14. nikolabeacon

    nikolabeacon Member

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    Yes it is good explanation and i saw that thread about suicidal rate and altitude but these kind of emptiness and feelings I get in the mountains are very specific type...and usually I am not alone there and am busy doing some things or reading....But i never get that feeling in the city even if I am spending several days in a row indoors just being sedentary reading....it is like my brain is aware that in the city lot of things are happening around me or something like that dont know
     
  15. FredSonoma

    FredSonoma Member

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    Were you ever in a city in a high altitude area?
     
  16. John Frusciante

    John Frusciante Member

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    That's totally false. He just says adaptation should be slow and one should not be very active the first couple weeks. It's good to start from a place that is between 1500 and 2000m, before going higher. (I live at high altitude and have researched it extensively)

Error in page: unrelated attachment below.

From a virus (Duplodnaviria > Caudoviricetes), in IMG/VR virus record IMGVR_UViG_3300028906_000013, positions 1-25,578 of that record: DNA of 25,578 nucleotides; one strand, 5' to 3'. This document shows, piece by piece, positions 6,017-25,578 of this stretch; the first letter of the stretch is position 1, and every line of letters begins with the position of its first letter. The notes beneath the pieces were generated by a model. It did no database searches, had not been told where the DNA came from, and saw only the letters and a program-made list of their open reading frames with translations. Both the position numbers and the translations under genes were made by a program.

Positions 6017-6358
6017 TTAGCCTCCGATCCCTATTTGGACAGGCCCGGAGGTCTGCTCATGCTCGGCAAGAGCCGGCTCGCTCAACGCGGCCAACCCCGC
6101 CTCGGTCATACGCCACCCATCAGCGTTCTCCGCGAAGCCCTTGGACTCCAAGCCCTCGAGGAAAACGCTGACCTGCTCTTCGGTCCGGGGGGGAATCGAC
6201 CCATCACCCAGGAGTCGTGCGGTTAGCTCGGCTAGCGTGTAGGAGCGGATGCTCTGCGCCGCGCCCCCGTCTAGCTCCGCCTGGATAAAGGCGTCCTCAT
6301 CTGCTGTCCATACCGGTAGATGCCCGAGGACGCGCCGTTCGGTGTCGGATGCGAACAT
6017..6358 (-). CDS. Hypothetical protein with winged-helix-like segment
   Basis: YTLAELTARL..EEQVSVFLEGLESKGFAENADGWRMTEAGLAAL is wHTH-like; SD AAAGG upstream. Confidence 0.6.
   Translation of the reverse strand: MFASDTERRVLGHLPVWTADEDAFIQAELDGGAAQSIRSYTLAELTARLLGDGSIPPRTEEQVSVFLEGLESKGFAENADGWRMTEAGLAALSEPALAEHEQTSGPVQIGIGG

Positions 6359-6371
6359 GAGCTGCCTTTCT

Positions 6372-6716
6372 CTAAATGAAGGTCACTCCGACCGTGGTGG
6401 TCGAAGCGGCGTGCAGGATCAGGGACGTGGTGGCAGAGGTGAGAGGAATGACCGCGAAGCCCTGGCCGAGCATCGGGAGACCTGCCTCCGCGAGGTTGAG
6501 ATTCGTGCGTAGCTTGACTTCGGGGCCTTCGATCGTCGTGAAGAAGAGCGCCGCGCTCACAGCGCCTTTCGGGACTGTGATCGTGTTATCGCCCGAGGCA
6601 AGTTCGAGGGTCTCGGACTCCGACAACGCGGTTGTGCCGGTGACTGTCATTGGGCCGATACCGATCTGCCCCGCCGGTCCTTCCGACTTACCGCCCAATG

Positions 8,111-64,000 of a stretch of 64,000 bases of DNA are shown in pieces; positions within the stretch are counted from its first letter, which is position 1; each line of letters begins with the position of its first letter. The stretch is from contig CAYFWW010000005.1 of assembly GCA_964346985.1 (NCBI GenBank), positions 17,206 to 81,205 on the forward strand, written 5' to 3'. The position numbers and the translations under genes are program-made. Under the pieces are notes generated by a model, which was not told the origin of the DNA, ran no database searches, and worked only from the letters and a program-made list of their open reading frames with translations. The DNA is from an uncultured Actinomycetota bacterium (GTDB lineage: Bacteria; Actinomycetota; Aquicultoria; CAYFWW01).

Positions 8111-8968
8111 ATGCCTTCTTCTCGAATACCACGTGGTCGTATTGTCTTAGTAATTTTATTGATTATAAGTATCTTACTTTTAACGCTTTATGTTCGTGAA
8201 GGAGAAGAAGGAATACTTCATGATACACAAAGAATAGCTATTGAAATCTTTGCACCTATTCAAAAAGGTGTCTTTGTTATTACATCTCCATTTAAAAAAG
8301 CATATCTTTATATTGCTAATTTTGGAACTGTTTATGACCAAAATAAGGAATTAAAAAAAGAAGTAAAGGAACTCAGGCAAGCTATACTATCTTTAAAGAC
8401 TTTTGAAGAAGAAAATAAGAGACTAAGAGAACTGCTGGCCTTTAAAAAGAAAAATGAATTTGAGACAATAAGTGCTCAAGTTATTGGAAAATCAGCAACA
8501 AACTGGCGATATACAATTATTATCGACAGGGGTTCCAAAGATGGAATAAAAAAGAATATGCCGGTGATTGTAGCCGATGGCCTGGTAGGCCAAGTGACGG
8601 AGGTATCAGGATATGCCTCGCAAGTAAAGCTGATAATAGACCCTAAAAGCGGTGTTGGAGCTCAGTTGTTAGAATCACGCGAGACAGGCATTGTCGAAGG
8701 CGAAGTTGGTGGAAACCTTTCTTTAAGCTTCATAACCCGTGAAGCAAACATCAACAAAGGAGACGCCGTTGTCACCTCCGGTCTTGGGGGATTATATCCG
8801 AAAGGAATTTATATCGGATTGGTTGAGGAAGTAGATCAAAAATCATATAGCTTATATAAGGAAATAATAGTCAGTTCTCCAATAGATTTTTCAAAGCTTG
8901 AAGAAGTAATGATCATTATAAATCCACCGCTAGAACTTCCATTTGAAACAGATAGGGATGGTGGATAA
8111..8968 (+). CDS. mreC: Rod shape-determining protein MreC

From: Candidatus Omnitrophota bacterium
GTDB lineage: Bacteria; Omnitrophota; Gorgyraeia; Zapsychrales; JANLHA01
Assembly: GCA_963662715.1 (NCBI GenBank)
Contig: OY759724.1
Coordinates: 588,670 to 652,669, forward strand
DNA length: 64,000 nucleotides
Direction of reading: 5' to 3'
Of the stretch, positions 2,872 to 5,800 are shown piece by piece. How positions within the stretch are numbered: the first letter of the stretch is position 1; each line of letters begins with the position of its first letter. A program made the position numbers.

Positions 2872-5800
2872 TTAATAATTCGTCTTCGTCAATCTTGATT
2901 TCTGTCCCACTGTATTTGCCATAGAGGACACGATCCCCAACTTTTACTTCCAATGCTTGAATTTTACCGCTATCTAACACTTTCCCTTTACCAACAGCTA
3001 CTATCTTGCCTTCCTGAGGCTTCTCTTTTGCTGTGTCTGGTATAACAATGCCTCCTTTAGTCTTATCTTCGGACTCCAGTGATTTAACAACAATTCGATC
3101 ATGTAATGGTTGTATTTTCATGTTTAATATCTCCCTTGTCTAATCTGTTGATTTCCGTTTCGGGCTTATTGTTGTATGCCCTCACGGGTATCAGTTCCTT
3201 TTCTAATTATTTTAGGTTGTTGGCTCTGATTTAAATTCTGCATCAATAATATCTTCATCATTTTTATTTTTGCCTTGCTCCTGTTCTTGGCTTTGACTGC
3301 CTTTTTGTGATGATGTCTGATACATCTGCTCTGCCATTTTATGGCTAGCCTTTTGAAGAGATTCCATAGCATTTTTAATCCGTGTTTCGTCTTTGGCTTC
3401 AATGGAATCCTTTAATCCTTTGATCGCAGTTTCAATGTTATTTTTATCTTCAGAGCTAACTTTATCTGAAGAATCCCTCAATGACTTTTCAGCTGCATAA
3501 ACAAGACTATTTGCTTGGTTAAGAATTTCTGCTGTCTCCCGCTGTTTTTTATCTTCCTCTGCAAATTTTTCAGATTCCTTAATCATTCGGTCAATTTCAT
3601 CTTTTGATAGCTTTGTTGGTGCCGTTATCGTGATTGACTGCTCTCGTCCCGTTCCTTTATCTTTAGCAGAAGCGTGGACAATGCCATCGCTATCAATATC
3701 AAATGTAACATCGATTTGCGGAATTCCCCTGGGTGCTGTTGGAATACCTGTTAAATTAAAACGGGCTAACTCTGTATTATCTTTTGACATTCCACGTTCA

17. Such_Saturation

    Such_Saturation Member

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    So also putting on a mask of 100% oxygen is totally not stressful?
     
  18. Herbie

    Herbie Member

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    I remember Ray saying in an interview something along the lines of...going up 1000 meters in a day breaks capillaries but can't remember which interview I know it was a kmud one.
     
  19. tara

    tara Member

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    It's being adapted to altitude that can be protective, I think. Getting adapted can be more or less stressful and difficult, depending on one's state. In extreme cases, unsurmountably so (i.e. fatal). If you feel sick, the safest thing is to come down again quickly.
    I think walking up slowly reduces the risk of getting overwhelmed by the sudden change?
    If you can handle going up OK, which, depending on how high, many people can, my guess is it would do good?
     
  20. John Frusciante

    John Frusciante Member

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    What does that even mean lol. At sea level you don't experience it, the air is not 100% oxygen you know. And even when you get at sea level from high altitude, if you have adapted well and thoroughly, the good effects last from months, including being leaner and the improved myopia.